At maslansky + partners, we believe language is powerful. This holds especially true when it comes to diversity, equity, and inclusion, where language is critical to how we see and relate to each other. But when it comes to identity, language is also personal. As part of our language of identity series, we’re highlighting voices speaking about the role of language in their lives — and in the ways they articulate their own identities. This is the third post in the series, The Language of Hispanic and Latinx identity. Please join us in learning, listening, and sharing.
Yesterday marked the end of National Hispanic Heritage month, a month intended to “celebrate the countless contributions of more than 60 million Hispanic and Latin Americans to our culture and society.” So while events looked a little differently this year, at m+p, we wanted to use this time to reflect on what this heritage means to our Hispanic and Latinx colleagues and friends. How does it translate in their day-to-day, and the contributions they make beyond just this month? What language do they use to identify this aspect of their identity? And while the month is designed to celebrate both Hispanic and Latin Americans, what do these terms mean?
Below, we share the perspectives of our Hispanic and Latinx colleagues, friends, and family members about the language they use to articulate their identity – and why it matters. We present these perspectives in their unedited format to allow their voices to speak for themselves, but have bolded parts we found particularly powerful.
I consider myself, and identify as, an Argentine-born Canadianized Mexicana with Latina roots. I outline the specifics in order to pay tribute to my nuanced heritage and trajectory.
For me, having a Latinx identity means actively incorporating my heritage and history into my daily practices. My family has purposefully ensured we kept up practices, routines, and traditions that recognize and celebrate our Latinx history, despite no longer living in a Latin American country. Whether it be our daily “besos” (kisses on the cheek) or incorporating Spanish words when we feel it imbues more meaning into a sentiment or phrase (there simply is no translation for the Spanish “te quiero”* in English. “Te quiero” translates to something along the lines of “I care for you and love you” but is different than “Te amo” which is “I love you”.), we are proud to live out our Latinx identity through our day to day practices.Friend of m+p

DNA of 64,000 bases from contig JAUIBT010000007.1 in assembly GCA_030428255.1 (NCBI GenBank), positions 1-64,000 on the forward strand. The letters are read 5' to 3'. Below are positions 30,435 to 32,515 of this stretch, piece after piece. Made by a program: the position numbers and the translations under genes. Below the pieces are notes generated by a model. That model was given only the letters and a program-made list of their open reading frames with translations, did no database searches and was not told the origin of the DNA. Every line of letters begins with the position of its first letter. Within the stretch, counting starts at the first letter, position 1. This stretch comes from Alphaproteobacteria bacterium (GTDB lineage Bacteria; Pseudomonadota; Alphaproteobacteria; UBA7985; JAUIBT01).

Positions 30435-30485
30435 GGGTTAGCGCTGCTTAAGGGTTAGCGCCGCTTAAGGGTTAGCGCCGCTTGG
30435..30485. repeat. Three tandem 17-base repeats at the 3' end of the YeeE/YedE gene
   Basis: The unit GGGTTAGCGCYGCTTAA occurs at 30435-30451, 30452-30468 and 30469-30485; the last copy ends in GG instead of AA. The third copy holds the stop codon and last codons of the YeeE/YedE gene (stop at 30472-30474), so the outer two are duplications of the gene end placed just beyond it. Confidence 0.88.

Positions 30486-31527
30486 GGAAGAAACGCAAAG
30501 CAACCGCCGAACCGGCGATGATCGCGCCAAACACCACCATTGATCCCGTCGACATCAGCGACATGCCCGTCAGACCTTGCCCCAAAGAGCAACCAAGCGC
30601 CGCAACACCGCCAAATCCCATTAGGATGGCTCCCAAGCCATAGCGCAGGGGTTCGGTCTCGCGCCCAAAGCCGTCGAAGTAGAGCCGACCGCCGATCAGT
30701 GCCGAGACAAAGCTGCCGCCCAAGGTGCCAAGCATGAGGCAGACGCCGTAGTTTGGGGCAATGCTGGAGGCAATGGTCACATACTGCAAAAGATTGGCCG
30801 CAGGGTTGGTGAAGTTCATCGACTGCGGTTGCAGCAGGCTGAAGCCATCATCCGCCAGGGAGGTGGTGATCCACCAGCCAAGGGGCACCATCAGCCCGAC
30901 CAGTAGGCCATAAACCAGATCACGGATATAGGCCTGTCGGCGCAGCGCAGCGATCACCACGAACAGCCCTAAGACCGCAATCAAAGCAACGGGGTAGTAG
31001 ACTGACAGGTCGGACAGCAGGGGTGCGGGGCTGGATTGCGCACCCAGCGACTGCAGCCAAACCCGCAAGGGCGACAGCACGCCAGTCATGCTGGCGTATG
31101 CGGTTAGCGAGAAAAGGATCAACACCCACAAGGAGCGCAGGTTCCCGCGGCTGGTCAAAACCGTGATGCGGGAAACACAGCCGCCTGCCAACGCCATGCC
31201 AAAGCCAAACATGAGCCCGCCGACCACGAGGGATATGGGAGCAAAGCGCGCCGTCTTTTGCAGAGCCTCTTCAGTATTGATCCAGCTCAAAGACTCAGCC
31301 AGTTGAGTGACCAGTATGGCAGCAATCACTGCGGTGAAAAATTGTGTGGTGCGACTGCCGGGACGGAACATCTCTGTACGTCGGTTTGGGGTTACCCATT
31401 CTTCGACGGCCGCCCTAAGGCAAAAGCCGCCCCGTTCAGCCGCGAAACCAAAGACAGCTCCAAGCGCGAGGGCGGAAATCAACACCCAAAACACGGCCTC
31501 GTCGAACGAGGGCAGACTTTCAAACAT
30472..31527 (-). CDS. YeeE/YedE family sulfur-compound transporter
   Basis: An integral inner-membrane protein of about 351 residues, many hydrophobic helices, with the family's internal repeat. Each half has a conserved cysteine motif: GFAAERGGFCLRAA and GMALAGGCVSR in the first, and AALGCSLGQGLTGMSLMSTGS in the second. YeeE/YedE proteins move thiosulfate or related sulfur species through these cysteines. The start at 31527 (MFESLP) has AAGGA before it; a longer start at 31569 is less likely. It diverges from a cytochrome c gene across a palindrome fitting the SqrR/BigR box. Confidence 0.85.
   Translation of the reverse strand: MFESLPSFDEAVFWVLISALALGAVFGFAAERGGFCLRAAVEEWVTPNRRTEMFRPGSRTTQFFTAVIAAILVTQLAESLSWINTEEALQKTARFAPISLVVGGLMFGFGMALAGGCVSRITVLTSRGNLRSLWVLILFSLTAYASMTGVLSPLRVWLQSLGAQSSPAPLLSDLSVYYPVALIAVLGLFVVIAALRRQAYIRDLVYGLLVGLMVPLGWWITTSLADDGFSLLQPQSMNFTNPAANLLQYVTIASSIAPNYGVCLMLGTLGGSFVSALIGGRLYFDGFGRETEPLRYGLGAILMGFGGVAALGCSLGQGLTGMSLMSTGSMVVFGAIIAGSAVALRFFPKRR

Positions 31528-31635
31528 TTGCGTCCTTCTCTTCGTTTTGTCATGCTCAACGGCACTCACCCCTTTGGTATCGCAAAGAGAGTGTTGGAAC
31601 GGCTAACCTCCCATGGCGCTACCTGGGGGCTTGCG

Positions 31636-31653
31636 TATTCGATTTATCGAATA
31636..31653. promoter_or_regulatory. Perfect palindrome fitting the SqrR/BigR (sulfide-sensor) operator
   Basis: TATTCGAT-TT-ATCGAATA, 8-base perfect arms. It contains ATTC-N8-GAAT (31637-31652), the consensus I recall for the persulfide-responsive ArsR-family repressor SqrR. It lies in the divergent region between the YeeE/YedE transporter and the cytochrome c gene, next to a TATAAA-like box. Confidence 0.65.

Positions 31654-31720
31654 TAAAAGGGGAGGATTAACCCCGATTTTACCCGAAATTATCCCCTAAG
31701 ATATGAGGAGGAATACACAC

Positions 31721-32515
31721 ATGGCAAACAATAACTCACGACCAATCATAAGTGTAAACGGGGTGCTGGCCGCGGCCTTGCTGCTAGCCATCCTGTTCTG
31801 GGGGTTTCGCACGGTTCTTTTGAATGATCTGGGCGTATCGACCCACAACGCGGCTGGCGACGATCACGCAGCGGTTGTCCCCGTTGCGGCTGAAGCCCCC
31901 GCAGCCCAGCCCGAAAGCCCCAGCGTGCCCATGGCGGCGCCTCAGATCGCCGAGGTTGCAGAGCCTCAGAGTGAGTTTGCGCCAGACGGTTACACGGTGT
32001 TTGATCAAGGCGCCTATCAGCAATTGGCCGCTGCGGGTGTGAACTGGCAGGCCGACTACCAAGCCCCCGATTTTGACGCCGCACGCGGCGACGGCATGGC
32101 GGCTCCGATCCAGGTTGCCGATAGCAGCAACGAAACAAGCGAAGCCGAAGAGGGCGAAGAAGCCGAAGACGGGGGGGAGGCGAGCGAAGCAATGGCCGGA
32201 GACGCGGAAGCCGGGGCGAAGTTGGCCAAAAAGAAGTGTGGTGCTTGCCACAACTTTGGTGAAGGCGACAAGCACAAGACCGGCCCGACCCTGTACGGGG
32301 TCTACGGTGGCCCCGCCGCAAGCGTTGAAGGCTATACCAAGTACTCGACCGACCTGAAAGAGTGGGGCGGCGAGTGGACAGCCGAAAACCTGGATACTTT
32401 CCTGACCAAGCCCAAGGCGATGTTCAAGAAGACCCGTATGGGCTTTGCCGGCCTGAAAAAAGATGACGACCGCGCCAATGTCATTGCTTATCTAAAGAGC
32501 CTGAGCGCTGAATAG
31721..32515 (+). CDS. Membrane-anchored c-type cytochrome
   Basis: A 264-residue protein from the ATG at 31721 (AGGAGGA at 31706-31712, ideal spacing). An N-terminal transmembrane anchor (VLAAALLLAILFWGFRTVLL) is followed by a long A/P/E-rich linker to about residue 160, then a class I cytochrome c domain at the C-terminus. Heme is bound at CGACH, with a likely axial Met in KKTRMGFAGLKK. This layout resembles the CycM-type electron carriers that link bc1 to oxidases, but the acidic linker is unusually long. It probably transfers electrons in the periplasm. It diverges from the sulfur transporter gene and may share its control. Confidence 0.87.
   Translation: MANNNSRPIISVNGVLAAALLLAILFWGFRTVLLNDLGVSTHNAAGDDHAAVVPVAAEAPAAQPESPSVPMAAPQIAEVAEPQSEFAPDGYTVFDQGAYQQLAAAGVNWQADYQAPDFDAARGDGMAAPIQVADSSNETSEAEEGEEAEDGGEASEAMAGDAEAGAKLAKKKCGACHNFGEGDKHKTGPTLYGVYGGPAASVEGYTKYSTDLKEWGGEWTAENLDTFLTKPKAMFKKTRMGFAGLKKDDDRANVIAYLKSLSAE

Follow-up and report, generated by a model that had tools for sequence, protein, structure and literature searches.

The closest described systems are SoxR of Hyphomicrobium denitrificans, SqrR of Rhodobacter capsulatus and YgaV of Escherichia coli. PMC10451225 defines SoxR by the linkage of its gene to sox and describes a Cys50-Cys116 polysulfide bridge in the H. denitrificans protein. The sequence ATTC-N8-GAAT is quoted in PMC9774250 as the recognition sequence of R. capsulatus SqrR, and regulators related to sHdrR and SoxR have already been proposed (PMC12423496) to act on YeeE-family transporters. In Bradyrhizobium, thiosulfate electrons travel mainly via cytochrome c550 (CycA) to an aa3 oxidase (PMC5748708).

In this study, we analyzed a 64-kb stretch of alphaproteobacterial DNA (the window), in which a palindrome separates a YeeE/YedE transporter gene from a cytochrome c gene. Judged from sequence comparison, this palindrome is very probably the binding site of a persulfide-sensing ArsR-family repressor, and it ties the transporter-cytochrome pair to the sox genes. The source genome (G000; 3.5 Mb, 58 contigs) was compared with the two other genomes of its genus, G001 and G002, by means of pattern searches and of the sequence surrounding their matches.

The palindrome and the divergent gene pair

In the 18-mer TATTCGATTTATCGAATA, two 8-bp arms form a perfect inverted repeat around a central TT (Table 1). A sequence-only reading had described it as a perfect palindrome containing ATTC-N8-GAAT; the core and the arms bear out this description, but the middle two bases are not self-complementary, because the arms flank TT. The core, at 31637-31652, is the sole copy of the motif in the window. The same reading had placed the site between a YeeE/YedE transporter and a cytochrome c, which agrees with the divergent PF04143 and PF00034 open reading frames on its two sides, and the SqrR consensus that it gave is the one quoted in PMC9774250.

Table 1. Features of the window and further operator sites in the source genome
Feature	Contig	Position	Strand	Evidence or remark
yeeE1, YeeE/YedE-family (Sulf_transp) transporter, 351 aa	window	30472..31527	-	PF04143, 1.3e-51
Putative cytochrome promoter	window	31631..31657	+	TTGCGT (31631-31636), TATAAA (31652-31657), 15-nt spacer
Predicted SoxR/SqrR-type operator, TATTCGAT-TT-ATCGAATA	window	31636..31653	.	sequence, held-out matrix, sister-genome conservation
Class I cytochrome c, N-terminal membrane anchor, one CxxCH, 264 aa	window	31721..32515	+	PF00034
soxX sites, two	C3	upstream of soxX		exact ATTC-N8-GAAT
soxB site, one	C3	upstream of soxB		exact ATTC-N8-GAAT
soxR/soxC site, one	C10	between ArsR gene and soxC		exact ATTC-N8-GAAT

I would say I’m Hispanic and Mexican, but Latino also applies, though I prefer Hispanic because it narrows it down more. I identify personally as something in-between, as 1.5 generation (1.5 generation often refers to people who immigrate to a new country as children or before/during adolescence). As I’ve gotten older, my affinity and appreciation for my Mexican culture has grown. I grew up near the border in San Diego, so I had my toes dipped in Mexico, but I was living in America. I was able to cross easily, so I didn’t lose my Mexican-ness when I came to the U.S. It was always there. I can’t identify as fully Mexican, but I don’t identify as fully American. It’s like a limbo space. I can’t claim to have the whole experience of my white colleagues, yet I don’t have the full experience of being Mexican, especially since I have the benefit of the privilege of sometimes being white-passing. Sometimes I feel like I’m robbing someone of their identity by claiming to be Hispanic. Technically I am, but did I have the full experience of it? I don’t know if I did, it was just a different experience.
When I moved to NYC, being Hispanic played a smaller part in my life, versus being in California, where I’m surrounded by my family, and just going anywhere, you’re surrounded by Hispanic and Latino people. There’s a sense of community and solidarity, even with strangers, because you come from a shared background. But I feel a sense of isolation from that here in NYC, it’s hard to find a similar sense of community. I try to find it through food. And when I hear someone speak Spanish and I can tell they’re Mexican, I get excited because it feels like home again. But it’s definitely played a smaller role here. Well, it’s played a role in that I feel more isolated because I’m missing that community.